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Andrew Yang on UBI, the coronavirus, and his next job in politics

The former presidential candidate explains on The Ezra Klein Show what he learned from 2020.

2020 presidential candidate Andrew Yang addresses the virtual Democratic convention on August 20, 2020.
DNCC via Getty Images

The last time Andrew Yang was on The Ezra Klein Show, he was just beginning his long-shot campaign for the presidency. Now, he’s fresh off a speaking slot at the Democratic convention and, as he reveals in this episode, talking to Joe Biden about a very specific role in a Biden administration.

Which is all to say: A lot has changed for Andrew Yang in the past few years. And even more has changed in the world. So I asked Yang back on the show to talk through this new world and his possible role in it. Among our topics:

  • Could a universal basic income be the way we rebuild a fairer economy post-coronavirus?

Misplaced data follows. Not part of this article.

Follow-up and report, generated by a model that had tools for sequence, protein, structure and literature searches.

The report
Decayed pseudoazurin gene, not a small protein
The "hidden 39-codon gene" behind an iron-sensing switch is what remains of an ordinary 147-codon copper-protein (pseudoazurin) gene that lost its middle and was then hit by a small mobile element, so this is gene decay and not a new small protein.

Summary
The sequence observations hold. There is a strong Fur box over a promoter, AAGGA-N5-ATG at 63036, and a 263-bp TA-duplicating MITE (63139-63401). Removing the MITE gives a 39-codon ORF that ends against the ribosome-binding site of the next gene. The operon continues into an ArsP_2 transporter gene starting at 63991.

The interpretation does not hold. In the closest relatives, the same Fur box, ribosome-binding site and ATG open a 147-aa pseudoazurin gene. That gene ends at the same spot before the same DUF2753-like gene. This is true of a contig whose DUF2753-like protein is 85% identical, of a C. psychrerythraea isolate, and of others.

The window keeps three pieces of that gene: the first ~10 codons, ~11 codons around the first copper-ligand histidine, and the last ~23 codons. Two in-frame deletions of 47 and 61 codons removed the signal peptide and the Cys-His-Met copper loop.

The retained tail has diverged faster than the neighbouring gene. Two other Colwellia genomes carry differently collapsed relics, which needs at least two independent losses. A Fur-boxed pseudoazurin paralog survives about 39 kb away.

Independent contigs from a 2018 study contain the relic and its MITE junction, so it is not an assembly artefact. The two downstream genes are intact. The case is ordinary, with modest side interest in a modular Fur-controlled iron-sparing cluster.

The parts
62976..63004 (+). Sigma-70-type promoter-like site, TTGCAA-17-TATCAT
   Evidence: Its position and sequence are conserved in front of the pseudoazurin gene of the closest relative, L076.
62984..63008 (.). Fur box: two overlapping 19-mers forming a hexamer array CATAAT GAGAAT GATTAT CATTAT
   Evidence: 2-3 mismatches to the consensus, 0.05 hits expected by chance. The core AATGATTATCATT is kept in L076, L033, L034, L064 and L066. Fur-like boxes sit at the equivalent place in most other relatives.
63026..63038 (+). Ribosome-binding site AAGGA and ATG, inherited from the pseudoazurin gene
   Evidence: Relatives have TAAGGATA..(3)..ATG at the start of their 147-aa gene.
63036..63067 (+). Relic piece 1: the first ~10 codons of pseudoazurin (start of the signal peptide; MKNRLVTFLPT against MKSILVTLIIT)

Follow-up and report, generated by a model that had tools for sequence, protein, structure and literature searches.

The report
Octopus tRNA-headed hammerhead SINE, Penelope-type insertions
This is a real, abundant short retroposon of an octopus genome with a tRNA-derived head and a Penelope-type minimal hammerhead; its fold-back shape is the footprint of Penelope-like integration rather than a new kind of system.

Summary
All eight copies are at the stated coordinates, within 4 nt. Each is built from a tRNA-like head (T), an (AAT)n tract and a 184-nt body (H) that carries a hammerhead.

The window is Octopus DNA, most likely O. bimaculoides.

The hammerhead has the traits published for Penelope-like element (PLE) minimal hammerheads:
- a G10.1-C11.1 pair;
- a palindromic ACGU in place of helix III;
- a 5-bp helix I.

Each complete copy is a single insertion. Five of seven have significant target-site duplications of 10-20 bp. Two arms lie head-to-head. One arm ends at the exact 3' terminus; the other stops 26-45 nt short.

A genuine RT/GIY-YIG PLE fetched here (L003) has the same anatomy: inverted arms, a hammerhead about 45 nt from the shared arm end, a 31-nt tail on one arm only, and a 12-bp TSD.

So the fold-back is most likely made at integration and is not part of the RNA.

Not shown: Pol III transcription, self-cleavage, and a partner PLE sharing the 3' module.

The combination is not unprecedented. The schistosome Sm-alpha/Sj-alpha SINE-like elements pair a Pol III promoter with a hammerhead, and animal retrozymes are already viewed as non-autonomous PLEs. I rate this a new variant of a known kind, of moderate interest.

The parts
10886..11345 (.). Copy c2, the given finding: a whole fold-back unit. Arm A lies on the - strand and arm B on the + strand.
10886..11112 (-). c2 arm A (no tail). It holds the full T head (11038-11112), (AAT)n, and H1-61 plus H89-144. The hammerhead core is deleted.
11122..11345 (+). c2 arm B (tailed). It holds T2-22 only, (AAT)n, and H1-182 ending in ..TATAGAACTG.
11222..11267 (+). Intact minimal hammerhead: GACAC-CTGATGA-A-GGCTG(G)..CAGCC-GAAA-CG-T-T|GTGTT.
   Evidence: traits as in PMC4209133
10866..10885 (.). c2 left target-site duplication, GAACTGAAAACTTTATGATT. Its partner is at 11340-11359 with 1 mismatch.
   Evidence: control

• What’s changed in AI, and AI’s likely effect on the economy, over the past five years?
  • What’s the one mistake Yang wishes the Democratic Party would stop making?
  • What did he learn from the surprising success of his own campaign?
  • What job is he talking to Joe Biden about taking if Democrats win in November?
  • Democrats think of themselves as the party of government. So why don’t they care more about making government work?
  • How can Democrats get away with endlessly claiming to support ideas they have no actual intention of passing?
  • Do progressives have an overly dystopian view of technology?
  • Is there a way to pull presidential campaigns out of value statements and into real plans for governing?
  • The unusual power Joe Biden holds in American politics

And much more.

You can listen to our discussion here, or by subscribing to The Ezra Klein Show wherever you get your podcasts.

This podcast is part of a larger Vox project called The Great Rebuild, which is made possible thanks to support from Omidyar Network, a social impact venture that works to reimagine critical systems and the ideas that govern them, and to build more inclusive and equitable societies. All Great Rebuild coverage is editorially independent and produced by our journalists.

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